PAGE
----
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A healthy diet for hamsters

Diet logo © RSPCA publications and brand 2010

 

Make sure your hamster has a healthy diet

 

Hamster in flat food dish © Fotolia

Hamsters need:

  • Fresh, clean drinking water continuously. Check the water bottle daily for leaks and/or blockages. Change their water regularly and clean the bottle and nozzle properly to avoid contamination. 
     
  • Water preferably from a bottle with a valveless sipper tube.
    - Hamsters aren’t able to apply strong suction so may have difficulty overcoming the resistance from the water flow in traditional ‘ball-valve’ sipper tubes.
    - Provided the sipper is of a relatively small diameter/manufactured with a pinch in the segment, it will be easier to drink from than one with a mechanical obstruction in it.
    - This may be particularly important for young/old/sick hamsters.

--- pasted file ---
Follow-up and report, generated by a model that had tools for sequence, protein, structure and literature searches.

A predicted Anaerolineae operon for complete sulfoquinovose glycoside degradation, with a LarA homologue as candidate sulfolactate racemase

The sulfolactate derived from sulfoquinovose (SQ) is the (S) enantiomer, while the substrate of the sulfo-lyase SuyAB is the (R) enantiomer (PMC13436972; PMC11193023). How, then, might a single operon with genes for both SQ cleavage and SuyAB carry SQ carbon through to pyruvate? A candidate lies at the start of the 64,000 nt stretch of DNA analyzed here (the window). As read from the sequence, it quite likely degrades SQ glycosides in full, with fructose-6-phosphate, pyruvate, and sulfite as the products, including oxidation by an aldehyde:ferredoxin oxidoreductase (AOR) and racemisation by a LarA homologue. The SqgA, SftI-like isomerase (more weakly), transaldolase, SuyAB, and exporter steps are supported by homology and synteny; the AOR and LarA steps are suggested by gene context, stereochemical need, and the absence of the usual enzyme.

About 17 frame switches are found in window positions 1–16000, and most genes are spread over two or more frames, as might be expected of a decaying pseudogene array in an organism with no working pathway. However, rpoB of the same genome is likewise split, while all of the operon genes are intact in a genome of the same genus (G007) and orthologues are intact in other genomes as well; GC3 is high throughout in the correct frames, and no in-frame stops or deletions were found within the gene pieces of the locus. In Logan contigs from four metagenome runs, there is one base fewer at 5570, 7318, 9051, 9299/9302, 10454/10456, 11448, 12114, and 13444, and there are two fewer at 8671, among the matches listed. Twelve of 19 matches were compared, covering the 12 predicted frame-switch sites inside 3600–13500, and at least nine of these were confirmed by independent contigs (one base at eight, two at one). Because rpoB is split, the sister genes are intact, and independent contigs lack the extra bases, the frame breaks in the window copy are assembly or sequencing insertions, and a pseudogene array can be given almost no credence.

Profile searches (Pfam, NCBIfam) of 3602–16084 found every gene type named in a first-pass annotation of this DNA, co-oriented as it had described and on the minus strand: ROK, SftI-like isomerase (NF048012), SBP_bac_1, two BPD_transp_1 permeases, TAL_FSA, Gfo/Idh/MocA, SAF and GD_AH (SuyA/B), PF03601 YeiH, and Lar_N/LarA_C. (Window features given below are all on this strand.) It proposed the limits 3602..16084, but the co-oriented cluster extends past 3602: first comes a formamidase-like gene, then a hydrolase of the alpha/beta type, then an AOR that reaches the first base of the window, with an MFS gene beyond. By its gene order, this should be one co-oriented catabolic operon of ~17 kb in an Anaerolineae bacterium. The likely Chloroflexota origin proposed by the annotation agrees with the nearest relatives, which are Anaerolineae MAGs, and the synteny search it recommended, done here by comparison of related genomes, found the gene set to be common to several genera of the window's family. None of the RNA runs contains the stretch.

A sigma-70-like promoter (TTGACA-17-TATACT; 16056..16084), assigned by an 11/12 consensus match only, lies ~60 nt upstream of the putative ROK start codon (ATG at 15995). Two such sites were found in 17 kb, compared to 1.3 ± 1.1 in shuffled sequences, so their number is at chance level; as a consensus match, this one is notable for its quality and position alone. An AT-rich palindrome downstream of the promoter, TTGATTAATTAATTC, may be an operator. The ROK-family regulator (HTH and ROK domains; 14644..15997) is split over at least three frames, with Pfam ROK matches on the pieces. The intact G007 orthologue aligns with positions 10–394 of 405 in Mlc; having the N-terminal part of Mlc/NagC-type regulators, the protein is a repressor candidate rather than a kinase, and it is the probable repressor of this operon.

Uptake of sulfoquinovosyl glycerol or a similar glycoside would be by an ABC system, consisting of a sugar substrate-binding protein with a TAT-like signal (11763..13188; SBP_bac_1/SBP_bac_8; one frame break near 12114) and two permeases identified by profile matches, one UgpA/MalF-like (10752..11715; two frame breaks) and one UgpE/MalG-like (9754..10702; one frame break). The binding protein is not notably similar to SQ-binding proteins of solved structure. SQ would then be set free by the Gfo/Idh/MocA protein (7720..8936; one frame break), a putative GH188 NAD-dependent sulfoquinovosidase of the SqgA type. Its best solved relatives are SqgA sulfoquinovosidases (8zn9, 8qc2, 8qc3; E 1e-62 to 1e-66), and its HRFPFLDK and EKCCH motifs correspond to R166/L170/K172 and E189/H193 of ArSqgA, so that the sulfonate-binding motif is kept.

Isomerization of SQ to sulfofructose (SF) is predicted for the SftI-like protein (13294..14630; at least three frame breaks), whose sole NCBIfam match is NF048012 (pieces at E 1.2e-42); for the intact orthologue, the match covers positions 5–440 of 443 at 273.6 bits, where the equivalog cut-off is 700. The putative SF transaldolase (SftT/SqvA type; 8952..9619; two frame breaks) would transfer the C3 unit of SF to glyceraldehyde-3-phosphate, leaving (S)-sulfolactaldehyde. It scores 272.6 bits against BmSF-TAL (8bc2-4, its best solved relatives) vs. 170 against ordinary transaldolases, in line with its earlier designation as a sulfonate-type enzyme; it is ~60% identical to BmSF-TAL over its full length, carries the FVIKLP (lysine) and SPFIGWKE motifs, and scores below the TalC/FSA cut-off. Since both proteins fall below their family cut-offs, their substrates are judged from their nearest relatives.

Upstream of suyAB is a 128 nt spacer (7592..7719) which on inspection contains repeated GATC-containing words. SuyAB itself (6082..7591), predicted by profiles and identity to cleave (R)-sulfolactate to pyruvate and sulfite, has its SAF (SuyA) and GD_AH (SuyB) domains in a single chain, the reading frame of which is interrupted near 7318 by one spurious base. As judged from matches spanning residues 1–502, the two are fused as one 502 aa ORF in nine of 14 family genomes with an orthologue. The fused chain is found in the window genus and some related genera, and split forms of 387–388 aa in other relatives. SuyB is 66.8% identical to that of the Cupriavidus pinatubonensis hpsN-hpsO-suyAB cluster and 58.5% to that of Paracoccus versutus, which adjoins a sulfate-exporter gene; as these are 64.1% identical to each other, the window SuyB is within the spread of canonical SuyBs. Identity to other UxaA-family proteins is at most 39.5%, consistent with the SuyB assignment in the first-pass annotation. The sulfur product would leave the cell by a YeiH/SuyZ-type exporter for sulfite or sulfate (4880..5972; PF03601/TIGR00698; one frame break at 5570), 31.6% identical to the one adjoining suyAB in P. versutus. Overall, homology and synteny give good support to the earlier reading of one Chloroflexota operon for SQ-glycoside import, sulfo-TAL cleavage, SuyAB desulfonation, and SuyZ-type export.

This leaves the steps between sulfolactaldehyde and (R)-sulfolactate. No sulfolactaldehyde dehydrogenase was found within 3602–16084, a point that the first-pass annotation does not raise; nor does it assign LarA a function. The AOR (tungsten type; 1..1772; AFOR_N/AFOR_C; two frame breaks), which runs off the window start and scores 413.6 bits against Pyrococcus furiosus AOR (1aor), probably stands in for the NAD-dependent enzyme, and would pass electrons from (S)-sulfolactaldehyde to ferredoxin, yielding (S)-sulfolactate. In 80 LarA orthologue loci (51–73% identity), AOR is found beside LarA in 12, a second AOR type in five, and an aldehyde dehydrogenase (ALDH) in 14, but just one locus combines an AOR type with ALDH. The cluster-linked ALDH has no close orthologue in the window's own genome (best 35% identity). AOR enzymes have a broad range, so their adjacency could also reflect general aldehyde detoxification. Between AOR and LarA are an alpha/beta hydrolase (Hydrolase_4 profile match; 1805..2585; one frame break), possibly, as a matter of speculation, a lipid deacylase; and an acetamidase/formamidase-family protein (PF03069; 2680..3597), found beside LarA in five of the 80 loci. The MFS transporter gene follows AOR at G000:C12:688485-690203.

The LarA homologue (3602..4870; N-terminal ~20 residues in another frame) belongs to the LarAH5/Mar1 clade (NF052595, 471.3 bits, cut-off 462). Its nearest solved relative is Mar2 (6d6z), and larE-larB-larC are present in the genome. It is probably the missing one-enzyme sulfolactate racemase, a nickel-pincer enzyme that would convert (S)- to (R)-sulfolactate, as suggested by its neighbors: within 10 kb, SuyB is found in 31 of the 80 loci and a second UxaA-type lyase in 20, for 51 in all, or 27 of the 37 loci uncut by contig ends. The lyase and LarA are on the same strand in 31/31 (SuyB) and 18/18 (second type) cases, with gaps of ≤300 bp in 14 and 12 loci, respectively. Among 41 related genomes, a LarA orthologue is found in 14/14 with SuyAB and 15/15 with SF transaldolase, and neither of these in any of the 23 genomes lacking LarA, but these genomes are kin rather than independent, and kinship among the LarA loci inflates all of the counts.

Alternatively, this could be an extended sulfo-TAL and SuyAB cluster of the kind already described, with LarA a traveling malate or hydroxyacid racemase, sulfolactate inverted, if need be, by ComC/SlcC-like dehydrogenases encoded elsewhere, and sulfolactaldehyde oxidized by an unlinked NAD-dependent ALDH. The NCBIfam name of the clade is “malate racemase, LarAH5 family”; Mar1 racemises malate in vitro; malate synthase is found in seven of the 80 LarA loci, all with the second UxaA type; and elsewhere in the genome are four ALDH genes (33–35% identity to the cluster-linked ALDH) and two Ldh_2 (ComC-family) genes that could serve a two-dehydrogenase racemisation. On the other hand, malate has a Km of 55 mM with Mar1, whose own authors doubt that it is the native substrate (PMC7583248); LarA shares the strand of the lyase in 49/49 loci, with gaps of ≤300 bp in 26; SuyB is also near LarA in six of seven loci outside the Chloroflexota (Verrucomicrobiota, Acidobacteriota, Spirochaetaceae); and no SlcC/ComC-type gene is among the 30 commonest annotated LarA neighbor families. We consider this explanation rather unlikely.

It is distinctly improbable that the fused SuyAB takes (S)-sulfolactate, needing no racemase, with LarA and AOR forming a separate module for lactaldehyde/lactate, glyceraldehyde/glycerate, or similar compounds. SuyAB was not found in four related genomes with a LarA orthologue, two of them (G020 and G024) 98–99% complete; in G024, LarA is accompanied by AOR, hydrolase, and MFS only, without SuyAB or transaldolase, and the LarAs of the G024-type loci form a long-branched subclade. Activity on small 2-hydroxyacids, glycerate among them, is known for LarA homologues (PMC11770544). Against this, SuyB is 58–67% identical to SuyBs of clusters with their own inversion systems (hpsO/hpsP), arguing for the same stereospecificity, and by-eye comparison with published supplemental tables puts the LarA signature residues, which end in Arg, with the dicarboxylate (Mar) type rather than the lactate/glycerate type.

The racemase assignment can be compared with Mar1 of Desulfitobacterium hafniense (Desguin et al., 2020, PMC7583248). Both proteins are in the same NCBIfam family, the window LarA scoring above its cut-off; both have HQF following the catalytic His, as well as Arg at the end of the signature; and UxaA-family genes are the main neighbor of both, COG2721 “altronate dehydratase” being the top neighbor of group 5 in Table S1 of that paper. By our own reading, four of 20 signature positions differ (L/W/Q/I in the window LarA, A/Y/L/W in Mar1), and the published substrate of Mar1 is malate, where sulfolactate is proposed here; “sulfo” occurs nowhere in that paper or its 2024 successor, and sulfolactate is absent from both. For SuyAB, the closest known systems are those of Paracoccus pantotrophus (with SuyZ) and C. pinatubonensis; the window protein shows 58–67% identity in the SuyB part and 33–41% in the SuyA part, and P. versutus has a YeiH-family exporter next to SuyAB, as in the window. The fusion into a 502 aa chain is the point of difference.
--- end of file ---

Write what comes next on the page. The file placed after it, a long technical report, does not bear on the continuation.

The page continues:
• A good quality, balanced diet containing all essential nutrients and minerals - a compound pelleted ration or mixture of different seeds. Commercial rations are formulated to meet their biological needs. Hamsters naturally eat a mixture of seeds/cereals/insect larvae/larger insects e.g. crickets. 
     
  • Food placed in flat dishes or directly on the cage floor. If in a dish, expect them to turn it over to transfer the contents to their larder. They carry food in their cheek pouches and can be seen retreating from their food with bulging cheeks. They like to sit up and hold pieces of food to gnaw.
     
  • Variety. Small quantities of greens/cleaned root vegetables/pieces of fruit e.g. apples can supplement the ration. Don’t give grapes or rhubarb as these can be poisonous to rodents. 
     
  • Wet/powdered food only on the advice of a vet e.g. because of dental problems.
    - Wet food can be difficult to clean from the cage and is susceptible to mould/bacteria growth which can be harmful to hamsters.
    - If a hamster is sick and requires wet food, it’s important all traces are removed at least twice daily to ensure the food doesn’t start to degrade.
     
  • To avoid sudden dietary changes, or food that becomes stale, as this can upset their stomach.
     
  • The amount they eat and drink monitoring. If food consumption falls, the faeces become moist or their hind-quarters become soiled, talk to your vet immediately.

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